The Benefits of Using Henna To Dye Your Hair
Henna is a plant that has been used for centuries by cultures in Africa, the Middle East, and South Asia as both a hair dye and hair treatment. It is also used for temporary tattoos. Now many people use Henna (sometimes in combination with other plants) as an alternative to chemical hair dyes and as the main ingredient in the treatment of various hair problems such as dry, brittle, and/or weak hair, dull hair, and hair breakage and thinning.
What is Henna?
Henna is a plant native to the dry climates in North and East Africa, the Arabian Peninsula, the southern areas of the Middle East, and South Asia. Henna’s leaves have a red-orange dye molecule called lawsone. When mixed with a mildly acidic liquid, such as lemon juice or vinegar, and applied to the skin or hair, the lawsone will bind to the protein (keratin) in the skin and hair leaving a red-orange stain. This color is translucent and will not make darker hair lighter but will turn lighter (light brown/blonde) hair red and give darker hair (dark brown/black) a "reddish hue" in the sun.
Why Should I Use Henna Instead of Hair Dye?
Henna does not contain any chemicals so you are less likely to experience an allergic reaction. For the same reason, henna also does not damage the hair the way that chemical hair dyes do because it does not remove pigment. Because the lawsone binds to the keratin in the hair it also fills in any damaged areas of the hair strand and forms a protective layer. This is what makes henna treatments great for increasing strength, shine, and moisture retention. The fact that lawsone binds to the hair also helps make curly and frizzy hair more manageable not only by making it stronger and able to hold more moisture but also by physically weighing it down. Some experience a slight loosening of their curl pattern due to the weight of the lawsone on the hair.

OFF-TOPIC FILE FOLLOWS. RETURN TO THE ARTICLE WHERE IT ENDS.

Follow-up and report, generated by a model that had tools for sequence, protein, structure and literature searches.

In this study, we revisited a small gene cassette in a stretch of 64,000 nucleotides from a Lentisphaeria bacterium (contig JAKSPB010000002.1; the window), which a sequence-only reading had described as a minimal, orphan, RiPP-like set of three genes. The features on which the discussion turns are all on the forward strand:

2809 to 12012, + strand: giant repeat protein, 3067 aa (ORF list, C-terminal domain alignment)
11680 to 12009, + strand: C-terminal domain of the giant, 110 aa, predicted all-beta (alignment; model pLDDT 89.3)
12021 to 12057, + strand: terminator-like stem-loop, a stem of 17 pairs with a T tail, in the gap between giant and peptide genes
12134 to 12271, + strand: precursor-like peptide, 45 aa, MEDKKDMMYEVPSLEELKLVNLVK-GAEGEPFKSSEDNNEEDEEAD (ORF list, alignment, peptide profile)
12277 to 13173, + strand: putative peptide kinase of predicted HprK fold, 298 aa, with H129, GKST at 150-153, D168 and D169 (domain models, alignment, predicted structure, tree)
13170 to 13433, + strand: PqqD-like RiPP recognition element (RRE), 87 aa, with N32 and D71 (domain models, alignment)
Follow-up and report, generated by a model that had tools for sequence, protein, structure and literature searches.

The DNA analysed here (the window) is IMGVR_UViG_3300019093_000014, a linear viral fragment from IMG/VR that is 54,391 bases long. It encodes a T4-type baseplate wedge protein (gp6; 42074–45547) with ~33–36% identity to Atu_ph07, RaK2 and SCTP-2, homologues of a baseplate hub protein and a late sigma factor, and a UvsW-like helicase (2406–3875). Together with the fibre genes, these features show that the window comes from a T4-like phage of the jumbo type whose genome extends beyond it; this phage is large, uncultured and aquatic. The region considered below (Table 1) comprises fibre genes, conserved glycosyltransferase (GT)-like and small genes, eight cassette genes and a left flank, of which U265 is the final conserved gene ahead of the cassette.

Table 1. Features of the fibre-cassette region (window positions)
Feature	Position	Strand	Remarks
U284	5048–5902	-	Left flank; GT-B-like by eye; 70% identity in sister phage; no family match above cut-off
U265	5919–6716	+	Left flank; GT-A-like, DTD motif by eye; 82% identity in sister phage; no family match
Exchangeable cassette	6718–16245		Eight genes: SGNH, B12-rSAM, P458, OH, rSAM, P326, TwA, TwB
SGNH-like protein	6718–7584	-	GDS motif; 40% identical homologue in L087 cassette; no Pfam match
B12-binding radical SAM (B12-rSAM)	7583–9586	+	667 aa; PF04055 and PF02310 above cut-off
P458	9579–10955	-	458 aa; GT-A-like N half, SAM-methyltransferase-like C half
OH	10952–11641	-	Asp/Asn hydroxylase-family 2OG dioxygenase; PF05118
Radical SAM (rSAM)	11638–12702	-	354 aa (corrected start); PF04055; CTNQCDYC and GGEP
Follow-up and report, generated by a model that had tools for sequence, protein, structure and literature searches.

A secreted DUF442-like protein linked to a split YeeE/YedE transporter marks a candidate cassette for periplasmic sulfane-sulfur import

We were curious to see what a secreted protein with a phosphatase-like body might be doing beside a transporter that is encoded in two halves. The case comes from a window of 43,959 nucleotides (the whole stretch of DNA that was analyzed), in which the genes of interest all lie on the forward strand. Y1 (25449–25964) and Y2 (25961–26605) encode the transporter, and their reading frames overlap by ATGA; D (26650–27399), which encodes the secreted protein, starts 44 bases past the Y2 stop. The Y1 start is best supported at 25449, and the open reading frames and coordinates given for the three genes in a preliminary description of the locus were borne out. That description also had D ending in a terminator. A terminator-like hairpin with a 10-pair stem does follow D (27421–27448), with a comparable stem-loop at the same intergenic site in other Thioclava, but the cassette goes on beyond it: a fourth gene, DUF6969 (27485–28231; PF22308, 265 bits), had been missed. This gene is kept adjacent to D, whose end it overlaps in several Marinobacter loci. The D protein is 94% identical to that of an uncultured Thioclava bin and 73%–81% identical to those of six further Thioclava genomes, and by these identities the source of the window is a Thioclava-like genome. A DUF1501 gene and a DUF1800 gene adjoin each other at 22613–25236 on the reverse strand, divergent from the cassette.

But What If I Don't Want Red Hair
If you don't want red hair there are other plants similar to henna that can be combined with henna or used separately to create other colors. Cassia (also called Senna) stains the hair and skin a pale yellow or gold color. This can be combined with henna to dye blonde hair darker blonde or light brown and can be used alone on both lighter and darker hair colors to enhance shine without adding the red-orange hue that henna adds or on very light blonde hair to add a golden tint. Indigo is a plant that stains the hair black. When mixed with henna (and even cassia) in different proportions it will dye hair different shades of brown (depending on the natural color of the hair). Dying the hair with henna and then indigo will result in black hair (even when starting with blonde). Though indigo does not have the same benefits as henna and cassia when it comes to conditioning (though if you're are mixing it with henna and/or cassia their benefits remain), it also does not contain the disadvantages of chemical hair dyes. So as long as you are not trying to lighten your hair, you can achieve a natural looking hair color without using chemical dyes.
I'm Sold! So Where Do I Get This Stuff?
Because henna has increased in popularity there are a number of henna brands that are not pure henna. So I will recommend some brands that are 100% natural henna (I will include cassia and indigo as well). When buying henna (if for some reason you want to go to the store) look for body art quality henna. It is ground finer than henna marketed for hair, making it easier to wash out of the hair. Here are some brands that I recommend on Amazon. One of these brands has a lot of information on their site including tutorials for application as well as more in-depth scientific information on how henna, indigo, and cassia work as well as history on the use of these plants by different cultures, health benefits, and allergy information. That site is HennaForHair.com. This is also where I purchase my henna and they do have a shop on Amazon for your convenience.
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